[ExI] Physics versus psychology

Keith Henson hkeithhenson at gmail.com
Sun Oct 24 23:02:00 UTC 2010

On Sun, Oct 24, 2010 at 3:29 PM, Mike Dougherty <msd001 at gmail.com> wrote:
> On Sun, Oct 24, 2010 at 1:24 PM, Keith Henson <hkeithhenson at gmail.com> wrote:
>> The theory says that everything of this sort must have either been
>> selected or be a side effect of something that was under selection.
>> It is, for example, hard to make a case for the ability to be addicted
>> to drugs to have been selected.  But it's easy to understand drug
>> addiction as a side effect of critical motivational reward mechanisms.
> To make that case I'd want to invoke some kind of alien programming,
> much like the TV show Stargate SG1's Goa'uld.  But that's just
> fantasy.. :)
>> But take hypnosis.  I can't make a case for that either being selected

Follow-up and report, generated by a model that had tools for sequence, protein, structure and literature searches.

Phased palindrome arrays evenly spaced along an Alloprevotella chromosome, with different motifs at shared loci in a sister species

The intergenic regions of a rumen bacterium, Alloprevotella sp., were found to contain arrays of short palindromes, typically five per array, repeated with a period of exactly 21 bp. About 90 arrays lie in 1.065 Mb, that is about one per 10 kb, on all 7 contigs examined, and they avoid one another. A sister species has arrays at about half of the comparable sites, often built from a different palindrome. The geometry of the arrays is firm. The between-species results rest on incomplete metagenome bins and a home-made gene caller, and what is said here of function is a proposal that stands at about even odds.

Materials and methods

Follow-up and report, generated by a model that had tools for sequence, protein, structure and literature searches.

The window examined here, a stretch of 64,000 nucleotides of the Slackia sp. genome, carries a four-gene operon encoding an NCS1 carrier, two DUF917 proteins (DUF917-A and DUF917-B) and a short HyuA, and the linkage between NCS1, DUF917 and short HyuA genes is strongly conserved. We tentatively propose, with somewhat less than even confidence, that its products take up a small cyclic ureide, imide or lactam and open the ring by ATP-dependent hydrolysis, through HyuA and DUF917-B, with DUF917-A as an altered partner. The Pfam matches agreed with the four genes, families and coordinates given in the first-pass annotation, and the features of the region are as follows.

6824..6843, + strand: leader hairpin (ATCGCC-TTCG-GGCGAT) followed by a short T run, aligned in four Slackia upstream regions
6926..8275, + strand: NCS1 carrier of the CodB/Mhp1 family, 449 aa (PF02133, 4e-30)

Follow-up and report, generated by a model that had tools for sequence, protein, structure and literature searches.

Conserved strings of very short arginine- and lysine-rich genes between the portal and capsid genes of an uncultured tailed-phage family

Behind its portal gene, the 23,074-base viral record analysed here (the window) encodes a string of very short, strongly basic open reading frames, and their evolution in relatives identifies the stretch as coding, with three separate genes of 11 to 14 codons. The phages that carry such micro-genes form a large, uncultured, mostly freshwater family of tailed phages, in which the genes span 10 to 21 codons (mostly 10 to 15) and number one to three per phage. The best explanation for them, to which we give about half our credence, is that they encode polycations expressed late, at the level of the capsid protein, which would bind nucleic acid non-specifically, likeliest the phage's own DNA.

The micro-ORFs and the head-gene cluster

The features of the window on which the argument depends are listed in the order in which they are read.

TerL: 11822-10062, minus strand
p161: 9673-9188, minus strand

>> *or* being a side effect of something that was selected.
>> There is always the case that some feature could be the result of
>> random drift but it's not all that likely.
> I'd say it's just lucky [sic] that we happened to discover a
> particular exploit of human awareness and learning that hypnosis is
> possible under certain conditions (set/setting, prior experience,
> willingness, etc.)

You are at the wrong level.

Taken that hypnosis exists, then why do human have it at all?  Why was
it selected in the human past?  I.e., how did it contribute to
reproductive success?

Or is it a side effect of some other trait that did contribute to
reproductive success?

I have what I think is a solid model for the reason humans have both
religions and wars, under reasonable assumptions, wars in particular
contribute strongly to genetic survival in some circumstances.  With
some knowledge of hunter gatherer cultures, capture-bonding is easy to

But hypnosis has me baffled.  I can't come up with a reason the
psychological trait engaged in hypnosis has any survival or
reproductive advantage at all.


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